By Paige Trevor
Definition: Nag: 1. To annoy by constant scolding, complaining or urging. 2. To scold, complain find fault constantly.
We all know we should not nag, hate to be nagged ourselves and surely nag our children many, many, MANY times a day. Why do we do it, and what can we do instead of nagging?
Clinical psychologist and author of “The Blessing of a Skinned Knee” and “The Blessing of a B Minus,” Wendy Mogel says, “We all know nagging doesn’t work, but we are filled with hope. The paradox is that when you keep nagging you continue to fill your child with hope that he or she can continue to outsource the responsibility for whatever needs to get done to YOU [Mom or Dad]!”
Nagging erodes relationships. Kids enjoy (tolerate, hear) one nag. It shows we care, we love them and we notice what is going on in their life. With the second nag they hear, “I don’t trust you. You are not capable. You cannot manage your own life or succeed without my backing you up.” This is NOT the message we want to send. How do we instead send a message of love, faith and encouragement? Here’s a seven-step action plan.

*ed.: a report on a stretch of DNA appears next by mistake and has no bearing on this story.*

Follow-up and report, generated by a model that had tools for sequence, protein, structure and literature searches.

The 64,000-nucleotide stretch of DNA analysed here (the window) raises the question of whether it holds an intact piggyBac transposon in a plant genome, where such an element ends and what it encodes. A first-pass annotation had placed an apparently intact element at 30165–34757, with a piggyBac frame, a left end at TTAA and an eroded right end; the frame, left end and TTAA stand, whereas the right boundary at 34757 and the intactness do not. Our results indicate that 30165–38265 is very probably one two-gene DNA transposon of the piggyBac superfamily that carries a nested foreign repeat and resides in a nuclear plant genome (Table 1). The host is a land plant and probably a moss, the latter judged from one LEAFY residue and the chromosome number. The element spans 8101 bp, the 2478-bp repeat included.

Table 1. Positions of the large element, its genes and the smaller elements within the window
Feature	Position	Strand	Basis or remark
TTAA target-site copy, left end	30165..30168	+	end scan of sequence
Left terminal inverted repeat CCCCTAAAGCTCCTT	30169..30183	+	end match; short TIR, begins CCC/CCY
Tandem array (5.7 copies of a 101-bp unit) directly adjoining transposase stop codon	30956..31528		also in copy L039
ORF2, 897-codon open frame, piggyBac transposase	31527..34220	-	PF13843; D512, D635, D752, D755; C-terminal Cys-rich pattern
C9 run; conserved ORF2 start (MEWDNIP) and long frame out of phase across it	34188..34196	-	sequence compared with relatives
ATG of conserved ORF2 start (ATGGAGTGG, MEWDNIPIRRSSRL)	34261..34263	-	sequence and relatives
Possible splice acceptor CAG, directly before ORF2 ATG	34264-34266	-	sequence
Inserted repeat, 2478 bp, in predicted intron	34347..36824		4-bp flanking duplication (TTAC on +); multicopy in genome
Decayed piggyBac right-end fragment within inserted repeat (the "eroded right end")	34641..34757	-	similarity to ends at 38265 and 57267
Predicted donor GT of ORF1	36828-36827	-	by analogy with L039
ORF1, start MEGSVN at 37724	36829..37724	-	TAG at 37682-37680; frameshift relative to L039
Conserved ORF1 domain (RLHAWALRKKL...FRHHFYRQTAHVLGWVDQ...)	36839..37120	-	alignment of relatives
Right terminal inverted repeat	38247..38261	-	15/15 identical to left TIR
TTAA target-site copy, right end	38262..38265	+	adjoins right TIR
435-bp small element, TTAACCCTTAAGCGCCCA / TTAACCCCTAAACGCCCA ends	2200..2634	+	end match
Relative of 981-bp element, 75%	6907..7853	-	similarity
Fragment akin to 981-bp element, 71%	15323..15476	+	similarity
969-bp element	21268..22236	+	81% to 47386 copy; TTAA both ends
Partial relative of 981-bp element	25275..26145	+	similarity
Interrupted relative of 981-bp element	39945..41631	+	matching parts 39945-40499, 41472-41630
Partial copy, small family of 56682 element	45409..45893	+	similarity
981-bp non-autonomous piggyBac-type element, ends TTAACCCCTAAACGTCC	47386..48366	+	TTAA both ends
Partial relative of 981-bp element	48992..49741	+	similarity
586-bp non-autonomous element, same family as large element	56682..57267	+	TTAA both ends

I hope these actions will open up new, creative and encouraging ways for you to see and be with your beloved child.
Paige Trevor is a certified parent educator with the Parent Encouragement Program and a leader of PEP’s “PEP I: Parenting 5 to 12 year olds” classes. PEPparent.org. This post was excerpted from the June 2015 article published in Washington Parent Magazine. Click here to see the full article. Photo credit: Jevna Cvorovoc/shutterstock.com